Join the community.
Details at Two Writing Teachers.
Summer gives teachers time to attend professional development (or trainings), often unpaid, to improve their practice. How many teachers spend time in their classroom during summer months? More than you may imagine. Summer gives us time to paint or remodel or just organize the book shelves, catalogue the classroom library. I give my corporate friends the open-ended schedule and casual dress, but summer does not mean teachers do not work.

The work we do with students is demanding, challenging, hard work. We don't often talk publicly about that. I don't like to complain either. Teaching IS  joyful, surprising, delightful; teaching breeds wonder, but it takes it out of a person. Summer gives us time to recoup, refresh and re-energize. 

Nothing re-energizes me like learning. This summer I'm learning about illustrated journaling with my Mom. If you've seen my journals, you know I doodle and draw my notes. This summer my family is celebrating my parents' fiftieth wedding anniversary. We're spending a few weeks up north in a condo in the woods near Petoskey, Michigan. Mom equipped the grand kids with watercolors, ink pens, paper pads, paint brushes and more. I too packed art supplies. We're making our story and drawing new memories. Learning pen, ink, and perspective, together.

One thing that strikes me about Mom's process is that she
drafts her art journal pages in a small pocket-sized spiral. Shown here left of her watercolor page.
Next week the learning continues. I'll join teachers and librarians from around the world for Teachers Write, a summer writing camp hosted by Kate Messner, Gae Polisner, Jo Knowles and Jen Vincent. Want to learn with me? Find the details at Teachers Write. 

Join in on the writing fun. Visit Teachers Write for details!

Tuesday, June 11, 2013

Required Reading

I am a high school English teacher. In some circles that statement stops all conversation. In others they are
Two Writing Teachers
fighting words. If you admit to being an English teacher in a public place you may encounter the lost.

The former students of some prison guard who believed teaching English meant teaching the parts of speech or sentence diagramming. You may encounter someone who was raised on worksheets and excerpts from textbooks. These former students do not wax nostalgic about English nor English teachers.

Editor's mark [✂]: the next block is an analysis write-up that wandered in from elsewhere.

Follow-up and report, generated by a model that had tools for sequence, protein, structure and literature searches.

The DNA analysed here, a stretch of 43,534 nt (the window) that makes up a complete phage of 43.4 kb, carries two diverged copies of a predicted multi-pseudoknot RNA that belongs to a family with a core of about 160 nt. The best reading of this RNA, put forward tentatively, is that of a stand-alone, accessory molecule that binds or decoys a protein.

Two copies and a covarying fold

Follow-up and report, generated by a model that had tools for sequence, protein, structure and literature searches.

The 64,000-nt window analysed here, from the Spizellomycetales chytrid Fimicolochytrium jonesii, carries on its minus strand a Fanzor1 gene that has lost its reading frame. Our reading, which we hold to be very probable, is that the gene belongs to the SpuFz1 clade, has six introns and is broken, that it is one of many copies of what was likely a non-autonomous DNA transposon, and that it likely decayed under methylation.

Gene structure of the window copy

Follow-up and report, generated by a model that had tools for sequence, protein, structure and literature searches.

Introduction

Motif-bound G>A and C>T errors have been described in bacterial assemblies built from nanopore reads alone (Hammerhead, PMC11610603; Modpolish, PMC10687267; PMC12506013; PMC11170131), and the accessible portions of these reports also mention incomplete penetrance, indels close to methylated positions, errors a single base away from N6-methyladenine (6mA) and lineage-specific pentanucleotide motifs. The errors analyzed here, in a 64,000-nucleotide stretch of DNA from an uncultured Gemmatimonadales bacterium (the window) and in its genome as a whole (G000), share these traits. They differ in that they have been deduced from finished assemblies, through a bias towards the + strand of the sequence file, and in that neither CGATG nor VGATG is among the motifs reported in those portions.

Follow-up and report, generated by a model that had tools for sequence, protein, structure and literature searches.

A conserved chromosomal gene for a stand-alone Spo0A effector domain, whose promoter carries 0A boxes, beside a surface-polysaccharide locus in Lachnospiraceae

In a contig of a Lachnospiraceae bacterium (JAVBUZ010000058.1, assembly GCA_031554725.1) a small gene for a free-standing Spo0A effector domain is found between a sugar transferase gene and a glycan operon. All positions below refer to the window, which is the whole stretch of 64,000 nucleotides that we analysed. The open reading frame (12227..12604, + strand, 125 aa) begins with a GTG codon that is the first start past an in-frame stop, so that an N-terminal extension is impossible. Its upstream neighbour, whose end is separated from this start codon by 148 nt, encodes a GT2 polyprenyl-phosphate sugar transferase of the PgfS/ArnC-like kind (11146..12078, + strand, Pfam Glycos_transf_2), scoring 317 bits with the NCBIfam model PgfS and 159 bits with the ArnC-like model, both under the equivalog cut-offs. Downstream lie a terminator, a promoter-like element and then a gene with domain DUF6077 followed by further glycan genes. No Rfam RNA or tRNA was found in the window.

I love being an English teacher. I love to read. Writing is adventure. Sharing those passions with teenagers as I teach them how to leverage literacy skill to their advantage as global citizens is the best even with the stress of meetings and mandates (I can say that now because it's summer time).

I've done a lot of thinking this year about required (versus recreational) reading. First, students cannot be required to read if they are not readers. Let's just put that on the table. Students must see the value of reading. They must experience the pleasure and profit of print before they will adventure into books of our choosing.  We have to start where students are.

My teaching assignment will change next year. I'm joining the IB, International Baccalaureate. A friend retired and I will take on her pre-IB tenth grade classes. It is not a decision I made lightly. Some teachers at my school lambast those who teach IB. It's not just Christians who eat their own. I don't participate in that, but I've heard some talk. After I was offered and accepted the assignment, I was told I would have to leave YA behind and require only classics. "If we let students read whatever they want, they will never read the classics," someone said to me. I disagree. Many of my "regular" or "honors" or "AP" readers were choosing classics at the end of our year together. Students will read challenging texts when they are ready.  Some argue we don't have time to wait. I've been given the prescribed "list" of titles. I've met with the IB English team. I know what the students need from the IB teachers' perspectives. You can imagine I feel conflicted, but I also feel challenged and excited about the possibilities.

IB requires specific texts;  there is also some choice. I have wrestled with questions of purpose and benefit my entire teaching life: What is the purpose of required reading? Who benefits? Or whom do we assume benefits? Penny Kittle has brilliant thinking around all of these issues in  Book Love. I will return to Kittles' pages this summer. I know she wrote about IB (or AP required reading), but I've lost the page and finding the reference takes a time without an index (not that I mind being sucked back into the story and losing myself in her words for a while). Summer gives me time to revisit favorites written by other high-school teachers too.